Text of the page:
Solar hullers provide new economic opportunities for subsistence rice farmers in Senegal

September 27, 2021

A solar huller is providing fresh impetus to the activities of a small cooperative of rice growers in Koudi, eastern Senegal. It is enabling them to replace the inefficient practice of removing the chaff from the grain by hand with an automated process, so giving them the chance to move beyond subsistence production.

Fully subsidised through the Water and Energy for Food Programme (PEEPA / WE4F), the huller is one of two systems being deployed across Senegal to demonstrate the technical and financial viability of the solar technology among small-rice producers, in an effort to improve the efficiency of rice processing and therefore the food security and resilience of local communities.

As for many other small rice producers across Senegal, processing paddy rice has always been a challenge for GIE Koudi Djiké, a cooperative of 25 small rice producers (18 women and 7 men) based in Koudi. Located 20 kilometres from the town of Goudiry in Tamabcounda, Koudi occupies a strategic position because it sits at the intersection of around thirty villages comprising about 2000 producers who practice winter rice cultivation. For these producers, rice is their main subsistence crop and grown solely for household consumption, which is only possible during the rainy season due to the absence of perennial water resources.

The lack of local processing units incurs severe logistical difficulties and expense. It means that the local growers need to travel 100 km from Koudi to husk their paddy rice in the only two available hullers located in Koulor and Bala.

To transport and husk one tonne of paddy rice, a producer would typically spend over 50,000 Senegalese Francs ($90), not including food and accommodation. If there is a fuel shortage or a system failure at the facility, the processing stops for a few days, leaving the producers in the lurch. Few growers can afford that cost and the hassle, so they resort to manual husking – a slow and labour-intensive activity often performed by women. It typically takes half a day to pound a 100 kg bag of paddy rice to obtain about 40 kilograms of husked rice.

Such difficulty has led farmers in the region to neglect rice cultivation. It has also highlighted the potential for developing the sector through innovative practices and technologies.

Over the past 12 months, Energy 4 Impact has partnered with SODAGRI to identify communities of rice growers with underdeveloped potential and so provide technical support and agronomic advice.

'Due to the lack of a rice processing unit, our producers are forced to shell their paddy rice little by little and store the rest of the unprocessed rice at home for up to two years. The acquisition of the solar equipment, a first in the area, will allow the populations of Koudi and its surrounding area to have their paddy rice processed locally,' said Mrs Ba, technical agent of SODAGRI in Goudiry, the Agricultural and Industrial Development Company of Senegal.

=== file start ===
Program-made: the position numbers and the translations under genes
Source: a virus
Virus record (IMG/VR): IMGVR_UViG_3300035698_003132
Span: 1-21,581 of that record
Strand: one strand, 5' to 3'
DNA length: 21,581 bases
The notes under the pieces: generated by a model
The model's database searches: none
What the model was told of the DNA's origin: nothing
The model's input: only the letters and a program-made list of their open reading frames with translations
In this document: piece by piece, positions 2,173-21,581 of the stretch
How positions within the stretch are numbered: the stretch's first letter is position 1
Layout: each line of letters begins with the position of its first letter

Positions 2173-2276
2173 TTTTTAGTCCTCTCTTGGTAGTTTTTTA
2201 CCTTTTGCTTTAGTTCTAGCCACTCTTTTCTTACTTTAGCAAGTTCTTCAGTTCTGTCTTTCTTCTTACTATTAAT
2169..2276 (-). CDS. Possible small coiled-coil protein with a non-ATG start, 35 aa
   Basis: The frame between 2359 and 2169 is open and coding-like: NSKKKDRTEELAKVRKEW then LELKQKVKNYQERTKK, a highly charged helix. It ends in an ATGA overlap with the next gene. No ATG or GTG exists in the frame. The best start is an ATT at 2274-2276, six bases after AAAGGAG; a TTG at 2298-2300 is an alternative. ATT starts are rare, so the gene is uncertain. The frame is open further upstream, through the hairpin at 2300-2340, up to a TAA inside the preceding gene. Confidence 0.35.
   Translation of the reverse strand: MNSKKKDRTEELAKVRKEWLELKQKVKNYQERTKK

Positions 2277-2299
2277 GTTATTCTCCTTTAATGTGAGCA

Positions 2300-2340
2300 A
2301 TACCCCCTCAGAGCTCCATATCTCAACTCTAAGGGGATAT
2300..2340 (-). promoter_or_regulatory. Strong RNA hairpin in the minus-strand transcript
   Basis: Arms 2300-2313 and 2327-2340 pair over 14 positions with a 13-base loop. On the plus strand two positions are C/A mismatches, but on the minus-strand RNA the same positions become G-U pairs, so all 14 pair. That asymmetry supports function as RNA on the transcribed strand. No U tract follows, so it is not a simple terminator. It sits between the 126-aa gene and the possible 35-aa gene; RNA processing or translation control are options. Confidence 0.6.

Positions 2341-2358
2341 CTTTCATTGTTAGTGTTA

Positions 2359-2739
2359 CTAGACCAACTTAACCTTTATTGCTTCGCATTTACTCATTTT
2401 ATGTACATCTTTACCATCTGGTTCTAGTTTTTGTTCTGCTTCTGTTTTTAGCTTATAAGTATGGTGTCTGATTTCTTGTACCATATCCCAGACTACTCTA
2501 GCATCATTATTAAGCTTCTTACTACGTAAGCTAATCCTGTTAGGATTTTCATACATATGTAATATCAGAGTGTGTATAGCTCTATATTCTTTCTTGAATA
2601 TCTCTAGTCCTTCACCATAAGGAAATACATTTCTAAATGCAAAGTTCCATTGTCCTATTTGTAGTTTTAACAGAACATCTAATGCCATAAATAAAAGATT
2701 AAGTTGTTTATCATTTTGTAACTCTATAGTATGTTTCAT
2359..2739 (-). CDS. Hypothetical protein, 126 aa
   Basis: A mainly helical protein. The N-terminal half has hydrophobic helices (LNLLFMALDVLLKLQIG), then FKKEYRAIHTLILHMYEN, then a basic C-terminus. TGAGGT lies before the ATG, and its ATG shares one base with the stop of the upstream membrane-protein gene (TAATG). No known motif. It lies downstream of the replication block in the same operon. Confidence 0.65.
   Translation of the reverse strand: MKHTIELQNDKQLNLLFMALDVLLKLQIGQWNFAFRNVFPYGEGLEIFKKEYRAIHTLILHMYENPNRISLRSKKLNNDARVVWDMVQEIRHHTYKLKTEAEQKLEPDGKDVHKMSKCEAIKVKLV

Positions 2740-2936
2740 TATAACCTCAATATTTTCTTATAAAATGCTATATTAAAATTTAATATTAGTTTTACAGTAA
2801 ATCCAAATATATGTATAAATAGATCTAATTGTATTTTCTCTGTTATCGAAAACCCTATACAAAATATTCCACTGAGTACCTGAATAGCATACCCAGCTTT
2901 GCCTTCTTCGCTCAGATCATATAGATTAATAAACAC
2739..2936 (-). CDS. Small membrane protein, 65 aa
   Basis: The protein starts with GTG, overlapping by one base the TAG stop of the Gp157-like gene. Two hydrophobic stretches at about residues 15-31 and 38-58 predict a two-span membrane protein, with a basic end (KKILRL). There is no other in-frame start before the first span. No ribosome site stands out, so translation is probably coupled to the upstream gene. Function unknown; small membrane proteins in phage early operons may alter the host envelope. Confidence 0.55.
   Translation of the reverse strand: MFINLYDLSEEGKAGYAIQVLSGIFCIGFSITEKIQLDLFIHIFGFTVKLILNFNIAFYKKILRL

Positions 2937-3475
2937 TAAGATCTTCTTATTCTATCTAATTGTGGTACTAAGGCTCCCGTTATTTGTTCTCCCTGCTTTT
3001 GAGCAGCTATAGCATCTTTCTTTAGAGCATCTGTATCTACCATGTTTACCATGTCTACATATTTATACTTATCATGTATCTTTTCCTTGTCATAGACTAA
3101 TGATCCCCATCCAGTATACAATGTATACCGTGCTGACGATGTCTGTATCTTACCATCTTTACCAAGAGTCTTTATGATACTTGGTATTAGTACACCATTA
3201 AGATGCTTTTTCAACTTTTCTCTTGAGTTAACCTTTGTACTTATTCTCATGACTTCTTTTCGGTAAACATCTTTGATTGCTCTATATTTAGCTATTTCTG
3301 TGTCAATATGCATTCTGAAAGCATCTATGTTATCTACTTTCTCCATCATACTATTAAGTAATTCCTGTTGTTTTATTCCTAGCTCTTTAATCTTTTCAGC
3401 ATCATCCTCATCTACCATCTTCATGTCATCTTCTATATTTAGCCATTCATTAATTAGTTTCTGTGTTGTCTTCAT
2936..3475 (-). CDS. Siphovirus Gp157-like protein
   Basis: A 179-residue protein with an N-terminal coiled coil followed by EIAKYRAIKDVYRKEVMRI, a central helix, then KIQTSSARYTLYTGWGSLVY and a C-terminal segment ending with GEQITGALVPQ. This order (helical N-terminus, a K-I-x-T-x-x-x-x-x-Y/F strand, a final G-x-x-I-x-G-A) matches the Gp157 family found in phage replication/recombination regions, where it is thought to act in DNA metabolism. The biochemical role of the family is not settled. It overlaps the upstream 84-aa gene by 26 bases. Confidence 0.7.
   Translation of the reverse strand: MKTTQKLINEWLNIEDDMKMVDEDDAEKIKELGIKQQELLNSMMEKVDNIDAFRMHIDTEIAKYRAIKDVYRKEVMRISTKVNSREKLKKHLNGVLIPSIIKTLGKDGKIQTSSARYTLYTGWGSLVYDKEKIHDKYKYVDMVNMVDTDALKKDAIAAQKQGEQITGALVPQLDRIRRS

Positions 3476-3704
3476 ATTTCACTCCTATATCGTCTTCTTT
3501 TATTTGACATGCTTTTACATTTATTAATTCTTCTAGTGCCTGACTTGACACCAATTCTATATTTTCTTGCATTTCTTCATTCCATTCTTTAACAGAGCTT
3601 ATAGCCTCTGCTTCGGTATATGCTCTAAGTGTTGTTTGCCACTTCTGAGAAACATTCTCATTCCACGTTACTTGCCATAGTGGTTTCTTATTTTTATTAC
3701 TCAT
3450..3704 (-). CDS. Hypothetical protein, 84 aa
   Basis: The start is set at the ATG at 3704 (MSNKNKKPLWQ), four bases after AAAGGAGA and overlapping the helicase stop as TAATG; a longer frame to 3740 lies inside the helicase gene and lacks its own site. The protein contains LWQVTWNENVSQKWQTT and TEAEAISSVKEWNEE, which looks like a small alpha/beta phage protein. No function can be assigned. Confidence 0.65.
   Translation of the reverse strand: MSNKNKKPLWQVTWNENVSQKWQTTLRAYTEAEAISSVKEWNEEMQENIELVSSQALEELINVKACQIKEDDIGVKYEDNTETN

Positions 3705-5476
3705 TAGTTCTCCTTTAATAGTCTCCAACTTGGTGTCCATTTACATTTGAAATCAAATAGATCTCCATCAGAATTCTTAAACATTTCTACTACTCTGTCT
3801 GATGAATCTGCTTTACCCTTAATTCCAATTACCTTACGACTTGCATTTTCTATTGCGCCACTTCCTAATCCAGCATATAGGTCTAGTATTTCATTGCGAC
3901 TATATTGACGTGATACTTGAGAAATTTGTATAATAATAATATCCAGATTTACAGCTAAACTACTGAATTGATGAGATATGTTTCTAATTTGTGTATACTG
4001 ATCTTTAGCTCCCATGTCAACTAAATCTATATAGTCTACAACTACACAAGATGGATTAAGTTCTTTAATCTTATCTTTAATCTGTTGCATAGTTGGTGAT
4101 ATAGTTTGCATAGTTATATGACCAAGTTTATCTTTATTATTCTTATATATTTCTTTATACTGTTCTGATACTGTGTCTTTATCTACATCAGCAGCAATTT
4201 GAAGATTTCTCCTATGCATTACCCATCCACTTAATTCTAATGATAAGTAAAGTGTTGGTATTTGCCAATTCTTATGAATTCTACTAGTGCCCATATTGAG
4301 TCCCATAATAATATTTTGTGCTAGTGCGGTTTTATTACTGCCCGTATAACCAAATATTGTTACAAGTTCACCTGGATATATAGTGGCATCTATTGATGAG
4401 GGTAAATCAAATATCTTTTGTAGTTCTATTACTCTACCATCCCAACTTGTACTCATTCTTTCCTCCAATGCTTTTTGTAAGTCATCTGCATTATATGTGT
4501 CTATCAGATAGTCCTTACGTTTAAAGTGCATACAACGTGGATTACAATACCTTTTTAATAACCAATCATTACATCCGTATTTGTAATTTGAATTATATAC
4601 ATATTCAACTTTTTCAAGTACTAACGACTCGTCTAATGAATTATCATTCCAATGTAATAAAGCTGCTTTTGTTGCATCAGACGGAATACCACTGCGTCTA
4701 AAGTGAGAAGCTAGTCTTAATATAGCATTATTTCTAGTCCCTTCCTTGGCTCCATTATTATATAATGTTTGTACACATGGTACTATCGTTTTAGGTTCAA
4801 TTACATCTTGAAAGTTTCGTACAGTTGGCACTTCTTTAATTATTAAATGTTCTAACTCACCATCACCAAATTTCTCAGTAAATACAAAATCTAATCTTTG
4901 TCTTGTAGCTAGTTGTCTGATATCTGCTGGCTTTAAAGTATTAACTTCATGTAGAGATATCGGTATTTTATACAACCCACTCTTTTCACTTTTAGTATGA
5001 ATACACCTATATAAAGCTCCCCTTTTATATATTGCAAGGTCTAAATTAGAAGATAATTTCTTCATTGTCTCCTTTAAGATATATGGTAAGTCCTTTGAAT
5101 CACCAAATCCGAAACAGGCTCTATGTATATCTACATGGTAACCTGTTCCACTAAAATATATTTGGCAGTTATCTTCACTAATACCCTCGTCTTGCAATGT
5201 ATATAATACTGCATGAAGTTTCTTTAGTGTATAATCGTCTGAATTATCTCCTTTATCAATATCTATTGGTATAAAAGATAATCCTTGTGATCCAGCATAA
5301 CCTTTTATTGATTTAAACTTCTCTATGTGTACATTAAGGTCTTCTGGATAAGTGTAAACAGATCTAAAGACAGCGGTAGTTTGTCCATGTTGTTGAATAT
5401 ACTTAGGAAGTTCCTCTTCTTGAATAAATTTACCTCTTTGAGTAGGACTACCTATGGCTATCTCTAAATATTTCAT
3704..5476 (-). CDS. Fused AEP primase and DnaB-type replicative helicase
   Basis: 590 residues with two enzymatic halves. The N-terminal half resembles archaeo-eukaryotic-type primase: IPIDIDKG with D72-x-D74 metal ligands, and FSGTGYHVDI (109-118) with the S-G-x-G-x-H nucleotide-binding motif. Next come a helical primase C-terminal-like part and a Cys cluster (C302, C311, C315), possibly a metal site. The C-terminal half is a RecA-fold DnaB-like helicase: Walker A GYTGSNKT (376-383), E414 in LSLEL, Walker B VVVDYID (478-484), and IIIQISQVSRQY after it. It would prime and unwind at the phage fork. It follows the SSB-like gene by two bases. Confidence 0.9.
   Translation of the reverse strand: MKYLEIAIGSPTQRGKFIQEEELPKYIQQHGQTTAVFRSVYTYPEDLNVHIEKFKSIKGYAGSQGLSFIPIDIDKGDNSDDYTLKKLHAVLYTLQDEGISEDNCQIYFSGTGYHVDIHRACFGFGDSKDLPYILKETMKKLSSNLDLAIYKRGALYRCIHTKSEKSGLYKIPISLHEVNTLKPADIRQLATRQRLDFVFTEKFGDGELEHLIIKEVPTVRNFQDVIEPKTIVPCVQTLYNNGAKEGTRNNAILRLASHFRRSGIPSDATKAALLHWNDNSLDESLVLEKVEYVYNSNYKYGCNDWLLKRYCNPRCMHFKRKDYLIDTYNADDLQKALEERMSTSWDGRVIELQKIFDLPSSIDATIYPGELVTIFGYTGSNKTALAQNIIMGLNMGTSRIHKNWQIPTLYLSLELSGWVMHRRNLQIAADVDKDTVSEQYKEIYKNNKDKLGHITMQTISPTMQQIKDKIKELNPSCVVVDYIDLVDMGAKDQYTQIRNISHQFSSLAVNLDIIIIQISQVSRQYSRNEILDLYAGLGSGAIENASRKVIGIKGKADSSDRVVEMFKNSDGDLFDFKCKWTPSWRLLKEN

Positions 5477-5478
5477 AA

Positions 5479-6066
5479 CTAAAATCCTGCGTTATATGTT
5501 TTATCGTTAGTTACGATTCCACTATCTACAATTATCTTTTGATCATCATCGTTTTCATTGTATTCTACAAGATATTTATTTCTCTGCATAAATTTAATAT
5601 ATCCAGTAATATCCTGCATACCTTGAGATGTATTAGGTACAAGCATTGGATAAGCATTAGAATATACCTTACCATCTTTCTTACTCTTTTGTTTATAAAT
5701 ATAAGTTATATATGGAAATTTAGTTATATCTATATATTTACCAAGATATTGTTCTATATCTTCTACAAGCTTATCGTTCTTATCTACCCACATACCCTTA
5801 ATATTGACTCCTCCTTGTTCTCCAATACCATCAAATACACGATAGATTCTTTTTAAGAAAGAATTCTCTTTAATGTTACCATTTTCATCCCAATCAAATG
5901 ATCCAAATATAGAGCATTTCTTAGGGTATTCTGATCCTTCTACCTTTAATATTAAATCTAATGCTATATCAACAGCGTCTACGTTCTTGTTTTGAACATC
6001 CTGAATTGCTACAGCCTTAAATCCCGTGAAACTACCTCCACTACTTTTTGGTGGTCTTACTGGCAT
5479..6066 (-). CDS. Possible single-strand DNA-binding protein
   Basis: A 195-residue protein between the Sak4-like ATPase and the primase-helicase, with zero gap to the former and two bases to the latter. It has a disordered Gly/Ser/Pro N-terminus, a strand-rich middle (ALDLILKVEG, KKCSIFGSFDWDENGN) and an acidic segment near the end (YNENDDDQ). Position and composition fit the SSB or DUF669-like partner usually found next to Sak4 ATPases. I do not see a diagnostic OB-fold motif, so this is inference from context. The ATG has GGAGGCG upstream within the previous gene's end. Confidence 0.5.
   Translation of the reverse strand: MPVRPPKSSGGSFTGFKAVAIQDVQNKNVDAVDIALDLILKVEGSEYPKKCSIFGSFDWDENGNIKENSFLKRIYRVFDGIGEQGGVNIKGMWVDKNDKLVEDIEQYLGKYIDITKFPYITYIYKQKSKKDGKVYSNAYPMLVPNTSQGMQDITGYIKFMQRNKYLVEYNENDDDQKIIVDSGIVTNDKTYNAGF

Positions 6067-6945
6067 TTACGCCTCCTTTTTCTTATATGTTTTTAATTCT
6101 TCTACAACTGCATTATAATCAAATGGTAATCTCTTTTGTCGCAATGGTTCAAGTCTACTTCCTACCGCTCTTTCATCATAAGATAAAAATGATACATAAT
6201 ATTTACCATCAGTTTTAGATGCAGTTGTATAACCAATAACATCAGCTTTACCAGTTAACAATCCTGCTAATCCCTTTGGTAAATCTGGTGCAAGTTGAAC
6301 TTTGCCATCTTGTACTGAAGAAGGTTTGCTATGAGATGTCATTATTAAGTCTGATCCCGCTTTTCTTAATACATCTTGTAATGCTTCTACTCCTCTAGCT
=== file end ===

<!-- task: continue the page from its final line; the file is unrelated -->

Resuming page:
GIE Koudi Djiké was selected last July to manage the new rice processing unit installed in the village of Koudi through the PEEPA / WE4F programme. The cooperative was able to produce two tonnes of paddy rice last year, which is still waiting to be husked. For them the new solar huller means a huge reduction in the cost of husking, in manual work and storage time of the paddy rice. Most all it means that they can develop an income stream through the provision of a state-of-the-art processing service and extend the benefits to other local rice farmers.

Solar hullers are a novelty in the rice processing sector in Senegal and their market is unexplored or non-existent in remote, rural areas of the country. In addition, the cost of the technology – 4,320,000 Senegalese Francs ($7,700) – is too steep for small producers and awareness of its potential to develop the sector among public and private sector players is low.

These two pilots will enable us to demonstrate how the technology can radically transform the value chain of the paddy rice sector in the regions of Saint Louis and Tambcounda. They will also enable Energy 4 Impact to design viable and bankable business models to advocate their adoption to decision-makers, further encouraging the private sector, specifically suppliers of solar technologies and financial institutions, to increase their investment in the paddy rice processing sector,” says Bayo Thiam, Project Manager, Energy 4 Impact.

The solar huller in Koudi has a processing capacity of one tonne per day. Based on the estimated total paddy yield of the surrounding farming communities, the GIE Koudi Djiké cooperative could process 18 tonnes of paddy rice per month. This could earn the cooperative 171,000 Francs ($300) per month. Based on these calculations, a typical cooperative could see a return on the investment after 3 to 4 years of activity.

With no previous technical, marketing and sales experience, the GIE Koudi Djiké have a lot to learn. Energy 4 Impact is providing expert support and guidance to the cooperative’s leaders on the use of the processing unit while strengthening their entrepreneurial skills, specifically in financial and commercial management.

Through the training provided by SODAGRI and the Energy 4 Impact team, our cooperative is better equipped to seize this unprecedented opportunity. By mechanising the husking process, we can generate additional income and provide a vital service to the community of Koudi,” said Mrs Thiam Sissoko, the president of GIE Koudi Djiké.

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